Stokman warned about turnover and staffing shortages in the Community Services Agency. It is so severe that a child sees three to five social workers during a foster care case, she said.
DeMartini has strong opinions on previous development proposals for the former Navy air station in Crows Landing. For five years, he openly opposed developer Gerry Kamilos’ West Park project, which called for 13,000 jobs in an industrial and logistics complex. West Park was finally rejected by the county in August 2012.
DeMartini liked the Hillwood plan proposed by Texas businessman Ross Perot Jr. that was turned down in a 3-2 board vote that sided with Kamilos in 2007. “Kamilos had no experience with business parks,” DeMartini said. “If the county had listened to me, we would have a business park there today.”
The county has a conceptual plan for bringing manufacturing, assembly plants and warehouses to the 1,500-acre former air base and wants to complete environmental work before finding a master developer.
Molina said the county could have planned for a broader mix of economic development at the former base. With its access to Interstate 5, Patterson boasts a stronger record of luring distribution centers, such as the Amazon fulfillment center, which have created hundreds of jobs.
“You have to look at what fits best for your city,” Molina said. “It was a team effort between landowners, developers and businesses to prepare shovel-ready property in our business parks. We have heard there are one or two other companies with a strong interest in coming to Patterson.”
Stokman said the former Crows Landing base could be developed for industry or other purposes if water is available.
Contest could go to runoff
Four years ago, DeMartini defeated Daniel Padilla of Ceres to stay on the board, and he notched a victory over John Fantazia in 2008. The local politician, who campaigns without a website or social media, has lined up endorsements from Ceres Mayor Chris Vierra, Newman Mayor Robert Martina, city council members and irrigation district directors.
Molina is mayor of a city that has turned heads with its business parks and job creation. On the flip side, a grand jury report last year criticized the city over the purchase of a run-down building for a City Hall annex. And the conflicts between Councilwoman Sheree Lustgarten and other council members have created a spectacle.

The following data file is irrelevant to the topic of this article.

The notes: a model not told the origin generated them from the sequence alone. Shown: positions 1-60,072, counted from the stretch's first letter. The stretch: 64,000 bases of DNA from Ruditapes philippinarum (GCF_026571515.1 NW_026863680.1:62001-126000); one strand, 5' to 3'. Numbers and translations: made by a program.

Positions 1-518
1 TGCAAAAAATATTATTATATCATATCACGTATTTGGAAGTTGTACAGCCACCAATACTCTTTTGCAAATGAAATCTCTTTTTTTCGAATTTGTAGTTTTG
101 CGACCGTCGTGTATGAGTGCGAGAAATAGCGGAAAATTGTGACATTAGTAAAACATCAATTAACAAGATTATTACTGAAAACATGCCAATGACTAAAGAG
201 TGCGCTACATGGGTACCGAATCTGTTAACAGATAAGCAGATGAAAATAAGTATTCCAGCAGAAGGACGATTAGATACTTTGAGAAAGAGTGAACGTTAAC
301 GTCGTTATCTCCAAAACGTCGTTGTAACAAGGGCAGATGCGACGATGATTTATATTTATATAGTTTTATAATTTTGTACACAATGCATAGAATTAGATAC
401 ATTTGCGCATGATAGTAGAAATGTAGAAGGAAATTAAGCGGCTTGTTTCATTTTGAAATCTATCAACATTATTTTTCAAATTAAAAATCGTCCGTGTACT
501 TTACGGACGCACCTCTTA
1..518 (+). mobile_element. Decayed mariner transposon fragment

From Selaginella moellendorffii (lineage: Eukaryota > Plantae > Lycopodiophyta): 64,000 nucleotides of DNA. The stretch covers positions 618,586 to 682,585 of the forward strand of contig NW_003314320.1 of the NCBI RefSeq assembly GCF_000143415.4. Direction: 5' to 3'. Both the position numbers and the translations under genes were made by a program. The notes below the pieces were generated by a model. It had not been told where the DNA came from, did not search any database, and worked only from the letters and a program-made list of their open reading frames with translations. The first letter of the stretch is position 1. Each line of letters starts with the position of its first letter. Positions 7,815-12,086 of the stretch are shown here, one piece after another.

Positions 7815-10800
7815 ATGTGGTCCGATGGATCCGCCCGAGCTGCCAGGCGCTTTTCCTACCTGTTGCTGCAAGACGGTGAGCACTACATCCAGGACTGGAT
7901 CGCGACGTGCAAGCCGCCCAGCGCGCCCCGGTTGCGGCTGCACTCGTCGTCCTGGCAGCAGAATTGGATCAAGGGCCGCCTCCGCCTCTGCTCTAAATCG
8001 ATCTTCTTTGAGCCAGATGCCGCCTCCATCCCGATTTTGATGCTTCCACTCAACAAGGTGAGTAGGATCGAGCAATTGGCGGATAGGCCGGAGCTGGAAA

A city-hired investigator released a report in July that criticized Lustgarten’s behavior at the Hammon senior center, and her verbal threats to Councilman Dennis McCord led to a restraining order that requires her to stay away from him, except at council meetings.
“It is nothing that I created,” Molina said of the troubles with Lustgarten. “A lot of good things have happened in Patterson. It is a blemish, of course, but nothing that people should be overly concerned about.”
Molina expects to spend $15,000 on his campaign, compared with Stokman’s estimate of $10,000, less than half of what most candidates raised in the 2014 supervisorial races. If elected, Molina said he would quit his job as an early intervention coordinator for the county.
Two other county board seats are on the June 7 ballot: Supervisor Vito Chiesa is unopposed in District 2 and Assemblywoman Kristin Olsen is the only candidate who filed to succeed District 1 supervisor Bill O’Brien, who is not seeking re-election.
DeMartini needs to capture a majority of the primary vote to win a fourth term; otherwise, the top two finishers advance to a runoff in November. He said he has visited 2,500 homes asking for voters’ support.
“I don’t see that they have much of a campaign,” DeMartini said of the challengers. “There has never been any problem with the job I have done.”
Ken Carlson: 209-578-2321
District 5 candidates
Public offices: County supervisor since 2004
Education: Attended Modesto Junior College
Top priority: Job creation, economic development
Family: Married to Anne DeMartini; adult son
Public offices: Mayor of Patterson since 2010; Stanislaus County Board of Education, 2005-2013.
Education: Chabot Community College, associate’s degree
Top priority: Address disparities in health, mental health, education, economic opportunity
Family: Married to Graciela Molina
Eileen Wyatt Stokman
Public offices: Ceres Unified School District trustee, 1998-2006
Education: California State University, Stanislaus, bachelor’s degree; attended Gonzaga University
Family: Married to Nick Stokman; six adult children